Spring wrap-up: Big Ten
Illinois: Illinois needs to show marked improvement in order for head coach Ron Zook to be able to return in 2011. The Fighting Illini will begin the post-Juice Williams era under center with athletic redshirt freshman Nathan Scheelhaase, who won the starting quarterback competition with an impressive spring showing and will enter summer workouts as the leader on offense. With Jacob Charest deciding to leave the team, Illinois is left with three scholarship signal-callers — none with any game experience, as former backup Eddie McGee is now playing wide receiver. Will new offensive coordinator Paul Petrino push for a return back to quarterback for McGee? Meanwhile, new defensive coordinator Vic Koenning seemed to have a livelier group of players to work with this spring, and it looks as if the line may be the strength of the unit with Corey Liuget and Clay Nurse leading the way. A major question for this ‘D’ besides safety is whether linebacker Martez Wilson can remain healthy and play to the level that was expected of him when he arrived on campus. A brutal start to the schedule will make it difficult to win games, however, even if the team shows improvement on the field.
Indiana: Indiana possesses a nice aerial attack led by quarterback Ben Chappell that will give fans plenty of dramatic moments in the fall. The major question is whether the Hoosiers can stop anyone on the other side of the ball. They finished 10th in the league in points allowed (29.5 ppg) and yards allowed (401 ypg), and they lost three starters in the secondary, along with defensive end Jammie Kirlew. There is some newfound depth, however, with young recruits and JUCO transfers. They are switching to the 3-4 scheme, which could give the squad the necessary spark to turn things around on defense. While they don’t have to be great, they need to come up with big stops once in awhile in order to get to the postseason for just the second time since 1993.
Iowa: As always, Iowa’s success begins and ends with a strong defense and a solid rushing attack. The defensive line returns intact, led by disruptive end Adrian Clayborn, and the Hawkeyes once again will be set in the backfield because if history proves itself, a back always emerges in Iowa City in the face of adversity. So no matter who goes down with injury or however the Jewel Hampton situation plays out, the fact is that Iowa won’t miss a beat. There was a little bit of concern at linebacker with the losses of Pat Angerer and A.J. Edds, as well as on the offensive line with tackle Riley Reiff and guard Julian Vandervelde as the only two linemen returning with significant experience, but players stepped up this spring and displayed the team’s depth for head coach Kirk Ferentz. Expectations are at an all-time high under Ferentz after winning the Outback and Orange bowls the past two seasons.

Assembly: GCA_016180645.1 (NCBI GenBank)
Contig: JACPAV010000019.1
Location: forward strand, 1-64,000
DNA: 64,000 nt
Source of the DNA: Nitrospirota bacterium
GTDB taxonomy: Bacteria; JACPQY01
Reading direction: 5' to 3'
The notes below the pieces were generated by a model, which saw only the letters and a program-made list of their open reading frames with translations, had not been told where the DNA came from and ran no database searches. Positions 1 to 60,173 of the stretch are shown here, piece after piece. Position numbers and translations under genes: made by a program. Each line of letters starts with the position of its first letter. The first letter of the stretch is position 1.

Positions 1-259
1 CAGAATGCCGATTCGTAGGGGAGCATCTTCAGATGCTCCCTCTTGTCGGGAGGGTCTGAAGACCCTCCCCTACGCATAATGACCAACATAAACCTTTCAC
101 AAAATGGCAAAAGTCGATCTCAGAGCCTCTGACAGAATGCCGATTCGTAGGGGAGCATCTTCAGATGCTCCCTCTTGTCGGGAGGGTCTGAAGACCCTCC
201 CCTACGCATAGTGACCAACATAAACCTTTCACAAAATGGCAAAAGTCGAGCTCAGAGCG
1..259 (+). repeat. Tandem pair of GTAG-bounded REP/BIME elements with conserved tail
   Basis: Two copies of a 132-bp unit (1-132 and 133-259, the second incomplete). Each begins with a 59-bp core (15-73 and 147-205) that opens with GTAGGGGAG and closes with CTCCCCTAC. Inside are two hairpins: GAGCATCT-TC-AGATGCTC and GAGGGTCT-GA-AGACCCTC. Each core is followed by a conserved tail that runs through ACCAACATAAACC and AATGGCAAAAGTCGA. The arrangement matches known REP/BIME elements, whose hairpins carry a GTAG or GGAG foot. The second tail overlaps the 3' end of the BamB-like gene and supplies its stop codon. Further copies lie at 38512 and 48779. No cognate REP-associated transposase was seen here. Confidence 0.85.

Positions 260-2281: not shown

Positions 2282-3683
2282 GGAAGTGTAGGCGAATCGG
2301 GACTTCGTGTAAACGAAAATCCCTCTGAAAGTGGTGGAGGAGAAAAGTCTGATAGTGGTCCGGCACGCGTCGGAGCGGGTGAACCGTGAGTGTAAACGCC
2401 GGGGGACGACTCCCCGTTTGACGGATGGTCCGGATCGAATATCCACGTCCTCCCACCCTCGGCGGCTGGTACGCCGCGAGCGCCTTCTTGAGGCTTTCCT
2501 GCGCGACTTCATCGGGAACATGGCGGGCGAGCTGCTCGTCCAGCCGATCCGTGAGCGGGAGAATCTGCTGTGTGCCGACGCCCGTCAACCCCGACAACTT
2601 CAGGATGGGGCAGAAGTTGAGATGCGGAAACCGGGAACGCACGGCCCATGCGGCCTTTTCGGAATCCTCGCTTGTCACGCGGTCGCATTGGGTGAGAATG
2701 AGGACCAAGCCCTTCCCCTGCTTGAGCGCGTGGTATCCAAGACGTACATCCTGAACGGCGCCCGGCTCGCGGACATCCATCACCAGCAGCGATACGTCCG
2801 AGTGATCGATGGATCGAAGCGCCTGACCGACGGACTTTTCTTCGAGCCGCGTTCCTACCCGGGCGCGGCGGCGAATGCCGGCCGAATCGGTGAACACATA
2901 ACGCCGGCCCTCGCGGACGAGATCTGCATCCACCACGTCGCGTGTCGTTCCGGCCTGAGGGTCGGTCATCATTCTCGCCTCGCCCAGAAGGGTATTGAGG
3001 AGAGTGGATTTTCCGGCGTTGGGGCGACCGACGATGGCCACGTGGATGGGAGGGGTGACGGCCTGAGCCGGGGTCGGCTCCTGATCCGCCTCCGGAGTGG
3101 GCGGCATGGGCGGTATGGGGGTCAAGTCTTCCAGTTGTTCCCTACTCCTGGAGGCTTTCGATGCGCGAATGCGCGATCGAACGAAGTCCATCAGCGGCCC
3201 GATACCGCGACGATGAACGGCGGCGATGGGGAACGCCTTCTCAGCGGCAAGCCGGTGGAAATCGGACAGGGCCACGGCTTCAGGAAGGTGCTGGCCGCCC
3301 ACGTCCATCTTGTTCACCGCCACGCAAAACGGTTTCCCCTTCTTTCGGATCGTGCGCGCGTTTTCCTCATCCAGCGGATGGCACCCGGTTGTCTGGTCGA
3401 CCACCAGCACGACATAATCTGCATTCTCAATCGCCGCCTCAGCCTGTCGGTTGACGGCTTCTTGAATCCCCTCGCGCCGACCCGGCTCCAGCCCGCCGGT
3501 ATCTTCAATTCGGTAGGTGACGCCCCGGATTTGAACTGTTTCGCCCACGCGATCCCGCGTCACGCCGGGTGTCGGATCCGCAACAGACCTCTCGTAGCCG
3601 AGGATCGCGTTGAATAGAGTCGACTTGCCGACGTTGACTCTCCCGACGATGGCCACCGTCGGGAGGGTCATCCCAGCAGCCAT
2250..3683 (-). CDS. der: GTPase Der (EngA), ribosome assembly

Michigan: It’s pretty simple for head coach Rich Rodriguez: just win baby. And victories can only occur if the defense plays better than it did in ’09, when the team finished last in scoring defense, total defense and rushing defense in Big Ten contests. Meanwhile, their best defenders, end Brandon Graham and cornerback Donovan Warren, are gone. And expectations were that a wave of youthful defenders like Cameron Gordon and J.T. Floyd could be relied upon to step up, but they didn’t make a big impact this spring. In addition, cornerback Demar Dorsey was ruled ineligible to enroll at the school. While a starter has yet to be named, the quarterback situation looks promising for Rodriguez, as Denard Robinson pushed Tate Forcier during the spring. The Wolverines should be able to put points on the board, but the defense will determine whether the team suffers through a third consecutive bowl-less season — and ultimately costs Rich Rod his job.
Michigan State: While all the talk of a coaching hot seat in Michigan centers on Rich Rod, Michigan State head coach Mark Dantonio may be getting some heat sent his way if his Spartans don’t start playing up to their capabilities. With the fallout from the on-campus altercation at a residence hall in November still resonating, this is a big year for the program. With Kirk Cousins solidly entrenched as the starting quarterback and one of the strongest wide receiving units in the conference, the passing attack will be prolific. But what about the running game? Sophomores Larry Caper and Edwin Baker will be running behind an offensive line that must replace three fifth-year senior starters. The secondary lost five defenders, but the unit was atrocious last year. Can they eliminate the big play? The linebacker corps will be the strength of the defense, led by All-American and Big Ten co-defensive player of the year Greg Jones. Dantonio must get the focus back on the field — and win — to show the university that the program is making progress on his watch.